Native Americans boiled young flowers in water to eat like cabbage and mashed older boiled flowers for a drink.

They also used the cactus as a cooking pot by cutting off the top, scooping out the pulp and inserting hot stones together with food. The spines were used as needles, as awls, and in tattooing.

Barrel Cactus Evolution

Every part of the barrel cactus has been forged from a long evolution in a desert environment

The whole of the barrel cactus is designed to retain water. Spines serve not only as a defense mechanism against hungry desert animals, they also provide some shading to the plant.

The stem is covered in a thick, waxy coating that seals the plant, protecting it from excessive evaporation. The root system of a barrel cactus is shallow, but large and net-like, enabling the cactus to catch as much water as possible during desert rains.

The shape of the barrel cactus is a precision design, directing any dew or rain directly to the roots of the plant.

Up to 25 accordion-style folds effectively decrease the amount of surface area of the plant that is exposed to the harsh conditions of the desert.

Barrel cacti also grow at an angle, often tilted to the south in order to partially shade themselves and prevent sunburn.

The barrel cactus is one of the best water retainers among plants, thanks to a gelatinous pulp that can absorb a significant amount of water.

The accordion-shaped ribs are designed to expand as water stores increase and shrink back when water is less abundant. This combination of water-retaining pulp and flexible skin allows the cactus to hold an impressive amount of water, with 5- to 6-foot barrel cacti often weighing several hundred pounds.

Perhaps the most impressive adaptation of the barrel cactus is an adaptation known as Crassulacean Acid Metabolism (CAM).

Instead of normal photosynthesis, in which all necessary raw materials are taken in and used at once, CAM allows the plant to keep its stoma closed during the day to minimize water loss.

The barrel cactus opens its stoma during the night to collect carbon dioxide from the environment and stores it as malic acid until photosynthesis begins in the morning. A side effect of CAM is a drop in the pH of the plant’s fluids, sometimes reaching as low as 4.0. The low pH causes a bitter-tasting pulp that may help to discourage night feeding by wildlife.

Barrel Cactus Care

Caring for barrel cactus is quite easy and it makes a great plant for the beginning gardener

Potted cactus should be kept in the warmest room of the home in a bright sunny location. Direct southern sunlight may burn the plant in the height of the summer, so you should move them back from the window or turn the slats on your blinds to diffuse the light.



Soil for barrel cactus is mostly sand with a little topsoil, perlite and compost. Prepared cactus mixes are suitable for growing barrel cactus. Unglazed pots are best for potted cactus because they allow the evaporation of excess water.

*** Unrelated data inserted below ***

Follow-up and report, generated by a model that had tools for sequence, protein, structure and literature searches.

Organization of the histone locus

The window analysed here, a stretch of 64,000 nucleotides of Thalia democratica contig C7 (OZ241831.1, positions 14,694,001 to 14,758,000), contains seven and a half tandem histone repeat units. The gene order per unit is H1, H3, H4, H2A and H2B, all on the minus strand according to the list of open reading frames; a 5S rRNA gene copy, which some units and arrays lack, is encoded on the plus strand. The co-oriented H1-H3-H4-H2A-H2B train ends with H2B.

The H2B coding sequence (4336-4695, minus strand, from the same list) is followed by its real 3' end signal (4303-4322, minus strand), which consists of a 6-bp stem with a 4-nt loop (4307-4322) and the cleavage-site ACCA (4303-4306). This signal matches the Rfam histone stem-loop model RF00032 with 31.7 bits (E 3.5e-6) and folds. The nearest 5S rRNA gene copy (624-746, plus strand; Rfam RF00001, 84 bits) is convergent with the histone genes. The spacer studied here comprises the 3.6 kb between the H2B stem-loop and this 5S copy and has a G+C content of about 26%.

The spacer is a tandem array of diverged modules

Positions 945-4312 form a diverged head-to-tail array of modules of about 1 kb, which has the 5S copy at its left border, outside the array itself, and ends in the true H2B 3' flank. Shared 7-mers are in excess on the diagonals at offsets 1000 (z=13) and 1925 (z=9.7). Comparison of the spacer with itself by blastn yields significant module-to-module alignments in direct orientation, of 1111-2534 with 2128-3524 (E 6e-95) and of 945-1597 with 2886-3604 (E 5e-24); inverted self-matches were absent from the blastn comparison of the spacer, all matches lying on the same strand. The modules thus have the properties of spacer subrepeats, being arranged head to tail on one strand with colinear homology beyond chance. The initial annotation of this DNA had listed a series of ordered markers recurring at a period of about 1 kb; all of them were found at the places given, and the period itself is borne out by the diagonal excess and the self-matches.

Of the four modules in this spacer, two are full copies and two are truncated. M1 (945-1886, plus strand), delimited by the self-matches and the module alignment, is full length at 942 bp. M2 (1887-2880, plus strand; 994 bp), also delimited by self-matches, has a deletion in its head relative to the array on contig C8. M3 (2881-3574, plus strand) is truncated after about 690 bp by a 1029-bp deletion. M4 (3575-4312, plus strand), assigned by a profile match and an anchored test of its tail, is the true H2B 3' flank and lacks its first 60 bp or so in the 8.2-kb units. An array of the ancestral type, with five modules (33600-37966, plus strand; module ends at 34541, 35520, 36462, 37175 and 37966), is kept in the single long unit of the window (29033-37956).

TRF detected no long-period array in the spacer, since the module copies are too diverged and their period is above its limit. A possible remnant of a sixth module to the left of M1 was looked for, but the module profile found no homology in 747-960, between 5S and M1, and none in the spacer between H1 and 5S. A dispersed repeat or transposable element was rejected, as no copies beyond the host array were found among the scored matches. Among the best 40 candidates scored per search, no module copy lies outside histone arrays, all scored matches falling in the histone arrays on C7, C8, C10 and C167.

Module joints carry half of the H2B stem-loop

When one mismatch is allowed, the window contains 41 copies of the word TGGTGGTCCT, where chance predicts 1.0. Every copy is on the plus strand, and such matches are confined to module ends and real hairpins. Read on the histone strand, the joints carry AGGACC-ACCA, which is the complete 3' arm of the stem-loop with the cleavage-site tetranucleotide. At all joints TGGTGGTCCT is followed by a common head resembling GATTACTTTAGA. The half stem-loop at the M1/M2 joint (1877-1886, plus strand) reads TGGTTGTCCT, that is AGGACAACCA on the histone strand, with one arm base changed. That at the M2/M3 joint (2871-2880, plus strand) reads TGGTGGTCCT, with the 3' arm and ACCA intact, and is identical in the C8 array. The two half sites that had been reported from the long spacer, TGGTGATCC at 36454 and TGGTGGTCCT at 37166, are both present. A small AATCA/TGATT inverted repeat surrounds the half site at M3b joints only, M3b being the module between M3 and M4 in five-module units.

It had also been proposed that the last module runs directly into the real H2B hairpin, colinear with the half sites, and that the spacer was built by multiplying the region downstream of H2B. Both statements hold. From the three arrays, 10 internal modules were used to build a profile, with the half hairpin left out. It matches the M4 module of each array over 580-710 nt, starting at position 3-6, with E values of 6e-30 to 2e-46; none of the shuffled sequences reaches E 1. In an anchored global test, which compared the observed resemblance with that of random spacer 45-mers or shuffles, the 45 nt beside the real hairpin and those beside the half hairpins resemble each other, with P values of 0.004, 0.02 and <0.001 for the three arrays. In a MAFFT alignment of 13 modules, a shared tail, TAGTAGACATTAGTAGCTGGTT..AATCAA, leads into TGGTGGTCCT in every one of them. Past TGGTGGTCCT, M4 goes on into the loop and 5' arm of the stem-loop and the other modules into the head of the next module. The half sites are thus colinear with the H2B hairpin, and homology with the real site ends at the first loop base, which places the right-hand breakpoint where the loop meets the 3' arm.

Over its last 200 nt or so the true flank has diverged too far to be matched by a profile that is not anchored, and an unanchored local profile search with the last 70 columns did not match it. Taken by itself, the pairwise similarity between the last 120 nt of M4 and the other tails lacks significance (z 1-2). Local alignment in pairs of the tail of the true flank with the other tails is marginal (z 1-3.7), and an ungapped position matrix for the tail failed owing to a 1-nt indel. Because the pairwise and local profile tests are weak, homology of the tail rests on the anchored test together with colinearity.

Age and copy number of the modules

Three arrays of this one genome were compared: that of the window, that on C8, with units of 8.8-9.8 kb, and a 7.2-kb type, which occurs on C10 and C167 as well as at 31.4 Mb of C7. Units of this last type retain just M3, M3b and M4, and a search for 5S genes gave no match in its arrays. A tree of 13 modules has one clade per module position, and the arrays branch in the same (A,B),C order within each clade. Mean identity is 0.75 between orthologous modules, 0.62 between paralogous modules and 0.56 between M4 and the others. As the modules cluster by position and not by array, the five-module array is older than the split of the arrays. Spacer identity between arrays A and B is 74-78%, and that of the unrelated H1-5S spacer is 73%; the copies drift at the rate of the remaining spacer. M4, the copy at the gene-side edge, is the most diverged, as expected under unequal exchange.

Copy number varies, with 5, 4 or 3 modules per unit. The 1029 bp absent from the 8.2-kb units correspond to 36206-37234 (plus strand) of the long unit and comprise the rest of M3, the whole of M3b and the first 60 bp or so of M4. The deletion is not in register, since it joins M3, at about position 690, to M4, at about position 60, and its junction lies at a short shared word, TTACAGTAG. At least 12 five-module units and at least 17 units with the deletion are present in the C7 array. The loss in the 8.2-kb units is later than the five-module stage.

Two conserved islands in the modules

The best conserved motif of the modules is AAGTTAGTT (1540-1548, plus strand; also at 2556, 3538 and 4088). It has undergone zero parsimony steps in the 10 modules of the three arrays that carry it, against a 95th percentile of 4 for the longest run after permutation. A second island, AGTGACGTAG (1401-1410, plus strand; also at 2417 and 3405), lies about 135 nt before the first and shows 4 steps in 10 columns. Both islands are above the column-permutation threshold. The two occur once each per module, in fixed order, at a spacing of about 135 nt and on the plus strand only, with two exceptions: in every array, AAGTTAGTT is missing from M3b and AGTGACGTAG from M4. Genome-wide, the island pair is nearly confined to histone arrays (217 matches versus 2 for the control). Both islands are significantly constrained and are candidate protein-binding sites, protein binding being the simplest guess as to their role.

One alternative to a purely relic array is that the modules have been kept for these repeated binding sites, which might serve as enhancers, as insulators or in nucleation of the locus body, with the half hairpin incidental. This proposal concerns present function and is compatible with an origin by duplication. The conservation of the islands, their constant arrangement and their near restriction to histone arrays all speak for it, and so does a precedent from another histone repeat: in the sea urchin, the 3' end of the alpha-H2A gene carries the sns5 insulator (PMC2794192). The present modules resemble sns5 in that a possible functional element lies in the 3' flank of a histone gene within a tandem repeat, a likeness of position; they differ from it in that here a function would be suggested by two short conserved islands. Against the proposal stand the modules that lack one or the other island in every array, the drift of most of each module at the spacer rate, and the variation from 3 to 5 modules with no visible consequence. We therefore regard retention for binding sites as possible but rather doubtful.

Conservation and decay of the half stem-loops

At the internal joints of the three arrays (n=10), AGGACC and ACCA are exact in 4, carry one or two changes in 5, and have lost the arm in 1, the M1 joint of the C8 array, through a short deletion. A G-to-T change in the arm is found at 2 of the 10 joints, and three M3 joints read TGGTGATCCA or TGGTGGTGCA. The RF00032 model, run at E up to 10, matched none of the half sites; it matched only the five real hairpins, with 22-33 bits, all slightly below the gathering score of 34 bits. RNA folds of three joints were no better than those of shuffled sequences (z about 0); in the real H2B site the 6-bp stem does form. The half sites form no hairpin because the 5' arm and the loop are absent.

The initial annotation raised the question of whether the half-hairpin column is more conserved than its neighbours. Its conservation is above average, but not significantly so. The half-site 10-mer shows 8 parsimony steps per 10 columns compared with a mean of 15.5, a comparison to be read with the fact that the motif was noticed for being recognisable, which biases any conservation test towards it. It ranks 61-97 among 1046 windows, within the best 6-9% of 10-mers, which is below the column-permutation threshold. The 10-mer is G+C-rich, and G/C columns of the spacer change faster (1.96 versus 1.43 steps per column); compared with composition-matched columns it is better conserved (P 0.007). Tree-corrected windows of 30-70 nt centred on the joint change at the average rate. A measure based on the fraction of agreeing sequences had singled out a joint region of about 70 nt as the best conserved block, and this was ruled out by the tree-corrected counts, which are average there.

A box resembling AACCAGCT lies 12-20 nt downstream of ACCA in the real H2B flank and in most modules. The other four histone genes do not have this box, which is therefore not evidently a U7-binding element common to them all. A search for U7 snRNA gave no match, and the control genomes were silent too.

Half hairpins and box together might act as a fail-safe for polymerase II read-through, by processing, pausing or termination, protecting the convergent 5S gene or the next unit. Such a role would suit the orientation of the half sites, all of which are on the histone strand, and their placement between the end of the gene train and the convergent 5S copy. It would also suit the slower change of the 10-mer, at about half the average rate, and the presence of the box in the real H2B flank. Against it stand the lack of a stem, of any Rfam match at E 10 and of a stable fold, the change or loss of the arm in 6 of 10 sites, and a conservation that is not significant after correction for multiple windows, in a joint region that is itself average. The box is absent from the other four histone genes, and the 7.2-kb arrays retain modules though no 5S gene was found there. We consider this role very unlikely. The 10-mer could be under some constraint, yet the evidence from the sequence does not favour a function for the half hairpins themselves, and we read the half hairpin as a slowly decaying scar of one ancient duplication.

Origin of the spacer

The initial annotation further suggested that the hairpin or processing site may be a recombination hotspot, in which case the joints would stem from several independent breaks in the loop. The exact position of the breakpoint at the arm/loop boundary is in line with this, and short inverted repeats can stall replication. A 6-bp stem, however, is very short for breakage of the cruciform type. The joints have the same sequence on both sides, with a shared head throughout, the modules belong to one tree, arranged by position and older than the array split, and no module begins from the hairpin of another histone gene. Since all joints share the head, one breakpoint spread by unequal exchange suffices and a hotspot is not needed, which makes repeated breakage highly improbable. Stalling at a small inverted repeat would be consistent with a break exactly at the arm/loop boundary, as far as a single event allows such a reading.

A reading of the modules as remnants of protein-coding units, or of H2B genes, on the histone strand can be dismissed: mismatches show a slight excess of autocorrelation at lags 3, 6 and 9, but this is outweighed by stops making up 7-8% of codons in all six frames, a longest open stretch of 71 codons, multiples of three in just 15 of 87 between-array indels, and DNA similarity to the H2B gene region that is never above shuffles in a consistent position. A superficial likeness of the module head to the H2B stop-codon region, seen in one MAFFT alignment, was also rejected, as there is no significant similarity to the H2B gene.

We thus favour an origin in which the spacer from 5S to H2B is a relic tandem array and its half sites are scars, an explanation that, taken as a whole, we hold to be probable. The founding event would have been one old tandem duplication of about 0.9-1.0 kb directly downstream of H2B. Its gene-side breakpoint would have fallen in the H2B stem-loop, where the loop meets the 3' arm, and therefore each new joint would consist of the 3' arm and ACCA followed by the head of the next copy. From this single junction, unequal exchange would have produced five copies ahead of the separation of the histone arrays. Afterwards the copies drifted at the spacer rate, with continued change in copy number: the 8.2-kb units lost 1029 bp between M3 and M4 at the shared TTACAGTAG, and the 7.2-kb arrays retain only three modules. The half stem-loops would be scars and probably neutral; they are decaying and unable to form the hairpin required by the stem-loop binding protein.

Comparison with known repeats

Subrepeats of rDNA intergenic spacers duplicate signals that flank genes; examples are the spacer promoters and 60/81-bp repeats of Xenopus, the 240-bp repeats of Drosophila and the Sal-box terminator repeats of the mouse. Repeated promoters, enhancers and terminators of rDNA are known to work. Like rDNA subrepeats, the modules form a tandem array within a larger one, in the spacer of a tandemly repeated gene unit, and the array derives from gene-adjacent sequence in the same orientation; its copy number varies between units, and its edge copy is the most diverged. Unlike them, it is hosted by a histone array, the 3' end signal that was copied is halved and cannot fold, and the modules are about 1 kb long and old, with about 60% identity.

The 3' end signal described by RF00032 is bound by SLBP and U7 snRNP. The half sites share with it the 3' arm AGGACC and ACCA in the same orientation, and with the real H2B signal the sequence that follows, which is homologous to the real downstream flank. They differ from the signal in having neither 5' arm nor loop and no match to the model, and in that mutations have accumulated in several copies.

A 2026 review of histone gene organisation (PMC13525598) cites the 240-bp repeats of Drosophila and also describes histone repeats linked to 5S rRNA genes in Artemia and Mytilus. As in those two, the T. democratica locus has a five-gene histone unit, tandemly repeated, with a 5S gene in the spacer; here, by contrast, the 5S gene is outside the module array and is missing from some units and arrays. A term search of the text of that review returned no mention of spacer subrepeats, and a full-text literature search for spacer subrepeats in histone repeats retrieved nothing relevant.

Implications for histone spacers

Water is a very important component of caring for barrel cactus.

The plants are native to arid desert regions and usually, have only rainfall to supply their moisture needs. Water your barrel cactus once per week in summer.

The barrel cactus doesn’t need much water in winter when it is dormant. Water once between December and February. Adequate water in spring may cause the plant to produce a large yellow flower. Rarely the plant will then grow an edible fruit.

The cactus naturally grows in low fertility areas so their nutrient needs are low. Fertilize the barrel cactus once a year in spring when it leaves dormancy and begins growing again. A low nitrogen liquid fertilizer is a good formula for the barrel cactus.

The amount of fertilizer will depend on the size of your container and plant. Consult the packaging for guidance on the exact amount.

Propagating Barrel Cactus

Always use gloves when handling barrel cactus, as their spines can be painful.

Barrel cactus can be grown from seed. Fill a flat with commercial cactus mix and sow the seeds on the surface of the soil. Sprinkle a thin layer of sand on top of the seeds and then the soil needs to be evenly misted.

Cover the flat with a lid or plastic wrap and keep it in a warm location. The seeds readily germinate and can be transplanted when they are big enough to a larger container.

Cooking With Barrel Cactus

For a gluten-free treat, try this: “Lemon Barrel-Seed Cake”

1 cup flax seed meal
2 teaspoons alum-free baking powder
pinch of salt
2 tablespoons barrel-fruit seed, toasted
1 teaspoon lemon flavoring
2 tablespoons sweetening – to taste (honey, brown sugar, agave syrup – your choice)
1 tablespoon oil (olive oil, butter, coconut oil – your choice)
4 eggs

Mix the dry ingredients, add the wet ones, blend well and pour into a glass loaf pan. Microwave for at least 3 minutes, and perhaps up to 4 minutes. It takes 3 minutes 15 seconds in our microwave. Run a knife around the edges and tip it out of the pan right away.

Let us know your ideas and comments below!